The following sample essay on Reverend Hale is trying to help, and he tries to dispel the notion that the conditions of the two girls Betty and Ruth are caused by witchcraft, but fails to do so as the town is aware of what is going on. Then he eventually spills the beans and spreads fear in that the Devil is loose in Salem. In Act 2 when Hale goes to the Proctors house to privately talk to them, the stage directions say “he had a drawn and slightly guilty air” giving the impression that he no longer has the atmosphere and dominance around him.
He gets slightly worried when a good man as proctor could not recall the 10 commandments later saying “no crack in a fortress may be accounted small” meaning that even small insignificant mistakes or problems can’t just be ignored. As I have said, this book is based around the events over 315 years ago in Salem, Massachusetts. In act 3 the witch trials begin and this reminds us of those that occurred in 1692.
They are very similar to what happens in the crucible and the characters are also similar, for example Giles Corey was pressed to death for not revealing the name of a person wanted, and this too happened in real life with the same character and also rev john hale of Beverley and Tituba the negro slave were too there in real life, as were some of the other characters. Miller has also used the characteristics of some of these characters too.
Another similarity between this play and history is the House of Un-American Activities Committee. Formed in 1934, the HUAC was formed to investigate communist issues such as Nazi Propaganda and other propaganda issues as part of the United States House of Representatives. How is the crucible at all relevant to this? Well, Danforth is similar to the HUAC as he sees himself as superior to people of Salem and in the courtroom, just like how the HUAC felt about themselves, and both believe that their judgement is always the correct one. This is shown by Danforth’s very controlling manner in the courtroom for example “this is a clear attack upon the court” as he emits power and rule over John Proctor. The second similarity is that the HUAC can be easily seen as corrupted and this corruption is just like the court in the play as the courts judge – Danforth wants to convict as many people as he can in Salem for his own gain. Although this isn’t fair and just, this high number of convictions will make him look good and he could be promoted, noticed, moved to head judge, or something of a similar field. An example of this is when Danforth says “do you know that near to four hundred are in the jails from Marblehead to Lynn, and upon my signature?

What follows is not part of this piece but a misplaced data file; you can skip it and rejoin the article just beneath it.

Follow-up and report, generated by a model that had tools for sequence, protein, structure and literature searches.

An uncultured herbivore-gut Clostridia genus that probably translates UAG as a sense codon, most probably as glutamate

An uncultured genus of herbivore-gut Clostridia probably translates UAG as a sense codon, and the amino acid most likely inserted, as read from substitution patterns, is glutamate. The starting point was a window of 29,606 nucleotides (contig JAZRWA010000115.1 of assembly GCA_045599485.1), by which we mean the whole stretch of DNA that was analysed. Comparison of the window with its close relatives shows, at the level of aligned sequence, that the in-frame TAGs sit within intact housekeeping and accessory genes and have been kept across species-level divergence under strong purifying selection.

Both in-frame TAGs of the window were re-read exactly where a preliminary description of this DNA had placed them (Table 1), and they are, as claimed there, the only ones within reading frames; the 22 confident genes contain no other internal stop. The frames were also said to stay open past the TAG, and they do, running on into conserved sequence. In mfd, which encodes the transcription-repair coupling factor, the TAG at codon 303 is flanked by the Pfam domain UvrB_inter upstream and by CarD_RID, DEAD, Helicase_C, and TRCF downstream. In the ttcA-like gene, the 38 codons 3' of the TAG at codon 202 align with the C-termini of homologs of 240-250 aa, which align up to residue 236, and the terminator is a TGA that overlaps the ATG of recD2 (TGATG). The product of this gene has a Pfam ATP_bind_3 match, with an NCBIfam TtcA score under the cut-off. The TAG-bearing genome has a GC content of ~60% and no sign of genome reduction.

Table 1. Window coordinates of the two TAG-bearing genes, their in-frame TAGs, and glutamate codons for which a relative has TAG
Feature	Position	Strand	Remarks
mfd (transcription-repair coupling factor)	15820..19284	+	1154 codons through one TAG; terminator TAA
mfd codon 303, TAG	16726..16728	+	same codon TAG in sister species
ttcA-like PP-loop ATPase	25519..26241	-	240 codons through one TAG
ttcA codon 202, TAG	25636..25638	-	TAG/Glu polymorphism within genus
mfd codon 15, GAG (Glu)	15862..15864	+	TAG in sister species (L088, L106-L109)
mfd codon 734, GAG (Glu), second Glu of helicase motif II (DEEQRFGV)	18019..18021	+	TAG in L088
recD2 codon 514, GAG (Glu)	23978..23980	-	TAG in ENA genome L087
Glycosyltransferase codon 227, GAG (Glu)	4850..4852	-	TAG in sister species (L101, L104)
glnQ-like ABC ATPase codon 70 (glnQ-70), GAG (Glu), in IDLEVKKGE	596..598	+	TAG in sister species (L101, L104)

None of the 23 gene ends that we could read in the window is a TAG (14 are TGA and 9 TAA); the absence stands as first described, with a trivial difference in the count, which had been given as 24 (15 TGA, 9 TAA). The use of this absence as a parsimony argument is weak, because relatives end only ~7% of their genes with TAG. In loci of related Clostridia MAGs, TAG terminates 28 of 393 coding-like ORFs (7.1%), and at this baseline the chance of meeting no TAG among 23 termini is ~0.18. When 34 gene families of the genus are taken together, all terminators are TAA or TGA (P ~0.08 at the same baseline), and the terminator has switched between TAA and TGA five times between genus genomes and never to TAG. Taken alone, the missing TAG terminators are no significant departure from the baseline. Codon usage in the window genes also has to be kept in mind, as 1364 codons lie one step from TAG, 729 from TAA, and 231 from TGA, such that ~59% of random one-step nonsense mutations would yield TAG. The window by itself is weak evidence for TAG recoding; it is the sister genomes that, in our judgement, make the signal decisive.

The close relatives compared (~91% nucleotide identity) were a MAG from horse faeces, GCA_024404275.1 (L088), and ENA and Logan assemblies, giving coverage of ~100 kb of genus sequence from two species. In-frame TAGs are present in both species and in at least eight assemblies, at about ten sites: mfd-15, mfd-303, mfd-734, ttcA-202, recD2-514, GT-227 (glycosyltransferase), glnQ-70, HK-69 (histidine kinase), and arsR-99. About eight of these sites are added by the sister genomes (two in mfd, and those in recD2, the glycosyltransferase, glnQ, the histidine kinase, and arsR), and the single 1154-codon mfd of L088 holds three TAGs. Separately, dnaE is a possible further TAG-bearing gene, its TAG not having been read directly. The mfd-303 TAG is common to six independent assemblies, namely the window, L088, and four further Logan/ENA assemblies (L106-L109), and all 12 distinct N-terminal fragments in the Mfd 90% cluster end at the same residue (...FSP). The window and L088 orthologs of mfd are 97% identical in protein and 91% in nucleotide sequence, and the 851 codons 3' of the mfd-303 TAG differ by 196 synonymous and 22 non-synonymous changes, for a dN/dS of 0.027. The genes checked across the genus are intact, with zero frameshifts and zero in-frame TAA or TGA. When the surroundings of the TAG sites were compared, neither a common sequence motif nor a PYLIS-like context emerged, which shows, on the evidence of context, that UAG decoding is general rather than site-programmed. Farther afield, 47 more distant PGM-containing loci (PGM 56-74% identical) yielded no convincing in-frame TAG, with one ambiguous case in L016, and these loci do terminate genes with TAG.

” Here he is being self admiring and trying to show off how good a judge he thinks he is and also shows that he is very proud that he has jailed so many people. In act 3 and 4, we realize how selfish Parris can be. At every opportunity possible, he accuses and disputes any people who may pose a threat to him and his position in the town and the church. Even in the courtroom Parris displays this sort of behaviour calling out that attacks are being made on the court and tries to create a bias feeling towards people in a negative manner. However, into act 4 Hale does the opposite and goes against the court to try and help bring justice. Now we really admire Hale and despise Parris even more. He is trying to help Proctor now as he is a truthful man and knows that proctor is innocent. He wants justice to come out of the case and wants proctor to sign the confession so that he will live. In act 4, Parris realises what he is doing is wrong, and begins to change. Like Hale, be begins to turn to the side of the accused, and wants proctor to live. However, this is no act of kindness, this change comes about as the mood of the town worsens and focuses on him.
So, he is doing it for the good of himself and he realises that if Proctor was to be hung, he could lose his position as minister and even be thrown out of Salem. This makes us despise Parris further. However, if it were for the reason that he has turned to a kind and truthful man who wanted to stop it from happening we would admire him. Another thing to despise Parris is the very pathetic and selfish action at the end of act 4 before Proctor is to be hung, where Parris offers him some cider; “If you desire a cup of cider, Mr Proctor, I am sure I-“. He does not finish as he sees Proctor giving him an icy stare. To do this, especially when you are the man who is responsible for his hanging, is just outrageous! Parris, throughout the play, can only be described as selfish, heartless, small minded and self motivated – a sort of man who no one would want to know or associate with, and especially for someone like this to be a Minister! Despisable. Rev Hale, throughout the play, has feelings for people and only wants to help and do the right thing. He knows what’s right and wrong and unlike Parris, does what is right for other people and not what’s best for him. A man you would want to know, a man with the true personality of a Reverend, admirable.